California’s already banned them. The European Union isn’t far behind, and the UK seems poised to follow suit. I’m talking, of course, about single-use plastics.

To many, this may warrant little fanfare. Who cares if we have to start sipping our gin and tonic through a paper or bamboo straw rather than a plastic one? Or if we have to find a new medium of eardrum puncturing after conventional cotton buds are taken off the market? Issues such as these seem incredibly trivial when compared to the global issue of plastic pollution, especially after we’re subjected to heart-wrenching videos of the effect of plastic on marine life.

The issue of plastic pollution is, indeed, ever-present, and one that is deserving of our attention. But is a ban on single-use plastics really a significant first step towards cleaner oceans?

Unfortunately, no. The contribution of the UK – and the EU and US, for that matter – to global plastic pollution is extremely marginal. Countries like China, Indonesia and the Philippines dump gargantuan levels of plastic compared to Europe and North America. Western bans on single-use items like straws can only ever be little more than superficial.

On top of this, many of the “green” alternatives are not necessarily green at all. The logic behind the ban on single-use plastics is that, in removing accessibility to such items, businesses will be forced to adopt reusable, recyclable, or compostable alternatives like paper, bamboo, or metal.

The flaw in this logic, however, is that products are only as recyclable or compostable as infrastructure allows them to be. Without ready and available access to recycling bins, the problems of littering and pollution will remain as present among “green” products as they are with plastics.

We should also be careful not to forget that while certain green products might not be as pollutive as plastics when discarded, some actually require more fossil fuels in order to be manufactured in the first place.

For instance, according to Fortune magazine, “manufacturing a disposable paper cup requires at least 20 per cent more fossil fuel and almost 50 per cent more electricity than a styrofoam cup does”.

It is, therefore, clear that a ban on single-use plastics from either the UK or the EU – or even both – is unlikely to have any real impact on global pollution. But, while the ban might not be of much importance on a worldwide level, it’s certainly going to be noticeable back home.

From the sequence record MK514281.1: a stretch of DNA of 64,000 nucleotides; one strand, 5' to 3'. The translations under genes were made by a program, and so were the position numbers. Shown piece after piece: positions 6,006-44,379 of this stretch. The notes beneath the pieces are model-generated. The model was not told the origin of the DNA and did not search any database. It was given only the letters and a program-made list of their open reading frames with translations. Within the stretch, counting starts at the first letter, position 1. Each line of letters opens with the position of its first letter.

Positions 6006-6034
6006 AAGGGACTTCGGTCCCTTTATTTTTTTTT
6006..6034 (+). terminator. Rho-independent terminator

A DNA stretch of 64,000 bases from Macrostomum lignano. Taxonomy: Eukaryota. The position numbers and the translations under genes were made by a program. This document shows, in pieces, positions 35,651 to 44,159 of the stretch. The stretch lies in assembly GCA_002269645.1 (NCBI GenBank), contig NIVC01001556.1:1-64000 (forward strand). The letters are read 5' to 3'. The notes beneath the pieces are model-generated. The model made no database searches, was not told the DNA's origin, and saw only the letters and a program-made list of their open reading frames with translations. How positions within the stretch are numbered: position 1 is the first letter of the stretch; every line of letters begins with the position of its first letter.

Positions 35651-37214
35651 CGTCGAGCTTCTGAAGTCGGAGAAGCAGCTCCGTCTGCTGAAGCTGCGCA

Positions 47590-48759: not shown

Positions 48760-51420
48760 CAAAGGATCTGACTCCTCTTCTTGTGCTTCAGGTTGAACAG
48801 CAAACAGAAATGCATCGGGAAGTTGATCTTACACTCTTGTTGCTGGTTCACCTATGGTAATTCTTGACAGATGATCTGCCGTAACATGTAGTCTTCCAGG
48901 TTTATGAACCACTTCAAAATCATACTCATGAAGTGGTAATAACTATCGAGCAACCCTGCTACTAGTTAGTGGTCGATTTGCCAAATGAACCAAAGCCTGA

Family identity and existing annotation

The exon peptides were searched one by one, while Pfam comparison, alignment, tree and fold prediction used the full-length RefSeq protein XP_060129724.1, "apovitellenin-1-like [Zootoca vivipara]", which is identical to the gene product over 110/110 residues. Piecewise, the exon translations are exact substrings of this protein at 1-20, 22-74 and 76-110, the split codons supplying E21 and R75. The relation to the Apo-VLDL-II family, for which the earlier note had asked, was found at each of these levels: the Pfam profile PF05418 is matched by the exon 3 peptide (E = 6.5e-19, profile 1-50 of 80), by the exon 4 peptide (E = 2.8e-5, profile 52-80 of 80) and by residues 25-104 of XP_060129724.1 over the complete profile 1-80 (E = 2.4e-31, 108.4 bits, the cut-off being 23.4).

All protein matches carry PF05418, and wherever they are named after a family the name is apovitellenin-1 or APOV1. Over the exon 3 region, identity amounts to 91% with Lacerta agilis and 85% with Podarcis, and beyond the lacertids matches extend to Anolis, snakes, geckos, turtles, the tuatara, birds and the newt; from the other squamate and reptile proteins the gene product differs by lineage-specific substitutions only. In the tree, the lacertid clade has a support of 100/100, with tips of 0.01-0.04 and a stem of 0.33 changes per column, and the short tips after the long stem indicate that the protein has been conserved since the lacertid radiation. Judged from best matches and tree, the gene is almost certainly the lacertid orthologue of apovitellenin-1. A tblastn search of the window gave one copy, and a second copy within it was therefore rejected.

While switching from plastic to paper might not warrant a second thought from many of us, it represents a great deal of new expenditure for the bars, cafes and supermarkets that have to pay for a more expensive alternative.

For instance, after Seattle banned single-use plastic shopping bags, many store owners saw their costs for bags increase from 40 per cent all the way up to 200 per cent. As a result of plastic bans like this, such businesses are often forced to make changes to account for the extra cost, either through reducing expenditure in other areas (sometimes resulting in layoffs), or by raising the cost of their products for consumers.

To those with certain disabilities, the bans will be particularly hard-hitting too. For those who lack the ability to bring a cup to their lips, plastic straws represent the best mode of accessibility to hot drinks. Alternative materials, such as bamboo or metal, sadly prove too hard and rigid for this use and can present their own health risks.

Ultimately, the ban on single-use plastics will place a great burden on both consumers and producers, and we will have little to show for it anyway. This is a shame, given that far more effective solutions exist – solutions that would be far less damaging to consumer choice and accessibility.

One route that could be taken would be to simply improve British recycling infrastructure. Previously, much of our plastic waste has been exported overseas to countries like China to be recycled, since the UK lacks the plants and infrastructure to do it ourselves. China has, however, now placed restrictions on waste importation.

As a result, the UK should strongly consider improving our own infrastructure, removing the need to export to other countries and providing an opportunity to considerably reduce our contribution to plastic pollution. While a ban on single-use plastics will burden consumers for little benefit, recycling possibilities offer a much more efficient route to reducing waste.

Written by Richard Mason

Richard Mason is Editor of